This single mom spent 13 years becoming an attorney so that she could free her brother who was found guilty of murder

vt-author-image

By VT

Article saved!Article saved!

Aidan's pub on Rhode Island may look innocuous from the outside, but inside this old, dingy and dark building lies one of the most interesting and inspirational women in America. Betty Anne Waters is a waitress and general manager at Aidan's and, while she may seem like a smiley, welcoming host, there is much more to her than meets the eye.

Back in 2001, Betty and her family garnered the attention of the international press. 18 years earlier, in 1983, her brother Kenny Waters was sentenced to life imprisonment after the murder of a 48-year-old woman in Massachusetts. Despite his constant claims that he was innocent and a formal appeal in 1985, his pleas fell on deaf ears and he remained behind bars. Facing life imprisonment for a crime he claimed to have not committed, Kenny tried to take his own life.

Upon hearing of her brother's suicide attempt, Betty made him promise that he would not try and do anything like that again. However, while Kenny agreed, he asked that his sister get the education required in order to break him out. Speaking to the New York Times, Betty Anne recalled the conversation:

“I remember saying to my sister: ‘Am I going to make it through school, pass the bar? What if I don’t find the answer?’ ” she said. “It seemed like as long as I was doing something in school, Kenny was O.K.”

Despite being a mom of two - who was already struggling to balance her work and home life - Betty enlisted onto night classes at a community college, before eventually going on to study at the Roger Williams University School of Law. She recalls having to take her books to football games and, due to the ever-increasing pressure she was under, her marriage faltered and eventually ended.

Betty's sons decided to go and live with their father, which broke their mother's heart. Despite this, she carried on, giving up her own life for the sake of her brother's.

After studying for 13 years in order to get her qualifications, Betty Anne had the right to act on her brother's behalf and became his attorney. Throughout her entire study period, the mother meticulously studied her brother's case - fine-tooth combing every last detail in order to fully understand the allegations made against him. Then, in 1999, she managed to locate blood samples of evidence that she was told had been destroyed.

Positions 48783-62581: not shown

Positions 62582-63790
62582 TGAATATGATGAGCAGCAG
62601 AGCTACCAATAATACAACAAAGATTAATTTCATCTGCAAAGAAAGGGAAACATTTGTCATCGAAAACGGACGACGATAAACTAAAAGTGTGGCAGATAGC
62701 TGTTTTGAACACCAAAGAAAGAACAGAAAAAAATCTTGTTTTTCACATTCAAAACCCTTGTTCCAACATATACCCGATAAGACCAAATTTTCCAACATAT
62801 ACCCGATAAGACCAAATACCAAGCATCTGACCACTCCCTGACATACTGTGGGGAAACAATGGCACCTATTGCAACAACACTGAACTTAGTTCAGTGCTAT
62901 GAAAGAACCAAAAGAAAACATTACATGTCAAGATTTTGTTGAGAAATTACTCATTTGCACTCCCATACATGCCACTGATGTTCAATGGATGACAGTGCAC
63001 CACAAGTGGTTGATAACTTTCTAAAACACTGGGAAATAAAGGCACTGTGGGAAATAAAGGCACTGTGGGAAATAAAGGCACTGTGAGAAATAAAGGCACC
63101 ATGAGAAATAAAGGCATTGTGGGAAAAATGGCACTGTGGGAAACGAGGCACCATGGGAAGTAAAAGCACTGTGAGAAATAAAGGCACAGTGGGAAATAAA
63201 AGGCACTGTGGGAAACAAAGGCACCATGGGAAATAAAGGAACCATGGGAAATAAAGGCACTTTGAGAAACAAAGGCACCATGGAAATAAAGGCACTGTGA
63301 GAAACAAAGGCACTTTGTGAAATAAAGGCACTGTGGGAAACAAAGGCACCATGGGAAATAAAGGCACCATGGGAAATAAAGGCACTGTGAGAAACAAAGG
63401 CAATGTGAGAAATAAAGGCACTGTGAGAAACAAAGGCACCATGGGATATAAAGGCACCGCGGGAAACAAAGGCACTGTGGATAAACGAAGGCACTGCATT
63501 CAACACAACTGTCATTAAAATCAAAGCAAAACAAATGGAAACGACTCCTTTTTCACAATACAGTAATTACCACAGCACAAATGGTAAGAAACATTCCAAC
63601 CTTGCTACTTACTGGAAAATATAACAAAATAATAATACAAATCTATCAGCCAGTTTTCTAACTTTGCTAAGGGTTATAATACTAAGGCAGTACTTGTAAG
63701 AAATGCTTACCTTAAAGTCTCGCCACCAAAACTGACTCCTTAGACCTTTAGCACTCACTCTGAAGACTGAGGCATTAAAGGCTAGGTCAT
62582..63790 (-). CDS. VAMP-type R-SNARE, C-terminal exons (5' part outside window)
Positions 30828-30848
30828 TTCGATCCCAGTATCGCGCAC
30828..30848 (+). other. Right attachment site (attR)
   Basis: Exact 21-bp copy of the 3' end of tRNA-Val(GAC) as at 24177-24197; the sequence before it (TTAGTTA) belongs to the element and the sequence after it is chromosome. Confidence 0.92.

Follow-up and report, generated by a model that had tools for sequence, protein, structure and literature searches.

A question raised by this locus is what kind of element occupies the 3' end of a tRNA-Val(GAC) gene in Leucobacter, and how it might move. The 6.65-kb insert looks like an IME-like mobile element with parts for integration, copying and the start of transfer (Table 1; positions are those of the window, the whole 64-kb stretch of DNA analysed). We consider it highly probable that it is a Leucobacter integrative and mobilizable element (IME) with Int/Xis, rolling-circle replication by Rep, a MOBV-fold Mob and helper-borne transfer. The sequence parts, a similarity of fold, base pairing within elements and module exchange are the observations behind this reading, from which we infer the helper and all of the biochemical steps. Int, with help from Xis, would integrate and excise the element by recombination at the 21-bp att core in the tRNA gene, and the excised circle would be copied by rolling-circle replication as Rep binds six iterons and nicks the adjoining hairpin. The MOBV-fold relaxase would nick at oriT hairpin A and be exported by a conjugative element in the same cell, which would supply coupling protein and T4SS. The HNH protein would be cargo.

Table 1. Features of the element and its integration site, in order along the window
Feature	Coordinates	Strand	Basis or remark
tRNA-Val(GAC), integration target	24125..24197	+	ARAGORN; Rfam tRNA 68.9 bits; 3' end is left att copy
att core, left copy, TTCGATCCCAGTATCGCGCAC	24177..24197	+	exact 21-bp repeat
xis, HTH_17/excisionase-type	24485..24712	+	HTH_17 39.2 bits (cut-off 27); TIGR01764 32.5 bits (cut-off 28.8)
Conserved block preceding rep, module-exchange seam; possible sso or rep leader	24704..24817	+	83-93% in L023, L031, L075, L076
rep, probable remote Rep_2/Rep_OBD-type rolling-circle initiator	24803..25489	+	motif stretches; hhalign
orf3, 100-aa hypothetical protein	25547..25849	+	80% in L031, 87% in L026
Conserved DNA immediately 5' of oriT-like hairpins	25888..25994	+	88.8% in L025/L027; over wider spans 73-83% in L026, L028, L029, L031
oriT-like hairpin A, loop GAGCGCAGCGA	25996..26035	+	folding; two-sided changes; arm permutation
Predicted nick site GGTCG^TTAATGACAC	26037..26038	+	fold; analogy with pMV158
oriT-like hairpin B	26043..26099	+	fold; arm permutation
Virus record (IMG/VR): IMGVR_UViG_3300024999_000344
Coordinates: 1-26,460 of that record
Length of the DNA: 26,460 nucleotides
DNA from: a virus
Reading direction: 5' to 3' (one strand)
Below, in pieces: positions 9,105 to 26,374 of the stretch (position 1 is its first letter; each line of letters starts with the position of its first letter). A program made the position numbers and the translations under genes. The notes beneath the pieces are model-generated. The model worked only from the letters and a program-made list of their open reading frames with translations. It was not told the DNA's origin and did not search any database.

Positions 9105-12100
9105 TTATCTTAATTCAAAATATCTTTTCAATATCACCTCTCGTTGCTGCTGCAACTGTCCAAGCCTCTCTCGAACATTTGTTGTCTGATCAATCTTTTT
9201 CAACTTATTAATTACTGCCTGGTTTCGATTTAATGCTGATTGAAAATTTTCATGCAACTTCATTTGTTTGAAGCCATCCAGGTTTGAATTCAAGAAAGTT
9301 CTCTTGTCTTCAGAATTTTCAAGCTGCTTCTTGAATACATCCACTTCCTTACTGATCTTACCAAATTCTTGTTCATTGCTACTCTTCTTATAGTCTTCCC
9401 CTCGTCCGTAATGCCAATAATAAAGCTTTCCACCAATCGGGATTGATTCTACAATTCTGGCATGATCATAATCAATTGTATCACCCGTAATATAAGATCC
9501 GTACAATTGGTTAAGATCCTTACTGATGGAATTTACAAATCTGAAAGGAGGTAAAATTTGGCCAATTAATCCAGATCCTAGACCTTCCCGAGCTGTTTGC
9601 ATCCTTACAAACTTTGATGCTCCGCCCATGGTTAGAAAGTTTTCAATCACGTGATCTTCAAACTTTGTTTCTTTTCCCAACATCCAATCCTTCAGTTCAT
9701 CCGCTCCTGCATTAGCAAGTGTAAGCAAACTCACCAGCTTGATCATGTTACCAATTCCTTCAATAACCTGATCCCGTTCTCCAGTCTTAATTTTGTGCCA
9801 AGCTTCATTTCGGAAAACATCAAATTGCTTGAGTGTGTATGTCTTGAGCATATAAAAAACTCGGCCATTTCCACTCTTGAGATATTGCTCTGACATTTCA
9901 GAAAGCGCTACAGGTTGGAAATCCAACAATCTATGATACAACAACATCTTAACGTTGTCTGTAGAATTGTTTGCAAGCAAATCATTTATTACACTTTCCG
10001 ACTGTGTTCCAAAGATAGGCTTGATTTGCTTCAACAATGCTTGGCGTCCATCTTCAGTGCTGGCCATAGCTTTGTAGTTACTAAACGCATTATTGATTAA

With the help of the Innocence Project - an organisation who specialise in overturning miscarriages of injustice - Betty and her team managed to convince the authorities to allow them to test the blood for DNA evidence.

The results turned out to be a major breakthrough, with them revealing that the blood found at the scene of the crime was neither that of her brother's nor the murder victim. This, in Betty's mind, proved that Kenny was innocent. However, the chief prosecutor of the case claimed that it wasn't sufficient enough to warrant a release and asked for more evidence from the group.

Undeterred by the setback, Betty went and spoke to Kenny's ex-girlfriends. After finding out that the women gave false evidence due to the threats made against them by the police, Betty managed to get all of the women to retract their statements. Speaking to the Sun about her investigation, Betty said:

“It took two years after getting the DNA which proved him innocent to finally get him free. The DNA evidence should have been enough. It is an odd system. They do not want to admit they made a mistake.”

Astonishingly, in 2001 and at the age of 47, Robert was freed from prison. Upon his release, he was fascinated by how much the world has changed. He was amazed by cellphones and confounded by the new, modernised car dashboard. “He couldn’t wait to go to a Home Depot,” Betty said. “He had never been to such a big store before.”

Sadly Kenny's freedom was short-lived. Just 6 months after his release, he died after falling 15ft while trying to climb a wall. Despite this, Betty says that "Kenny had the best six months of his life" and is glad he passed away outside of the confinement of his cell.

Understandably, given the incredible nature of events, the case captured the imagination of the media and film producers who, in 2010, made a film about the incredible turn of events called The Conviction.

Despite achieving relative fame and having a film made about her life, Ms. Waters has gone back to her former job and routine. Rather than spending time in courtrooms and fighting for justice, Betty can be found either serving up food at Aidan's or cooking meatballs and apple pie for her family.

“I just want to be a grandmother,” she said.

In the digital age of undeserved fame, people like Betty Ann Waters deserve more attention than they receive. No doubt there are plenty more people like her, who have achieved incredible things and live under the radar. But, through their modesty, resilience and unrelenting desire for justice, they help restore our faith in humanity.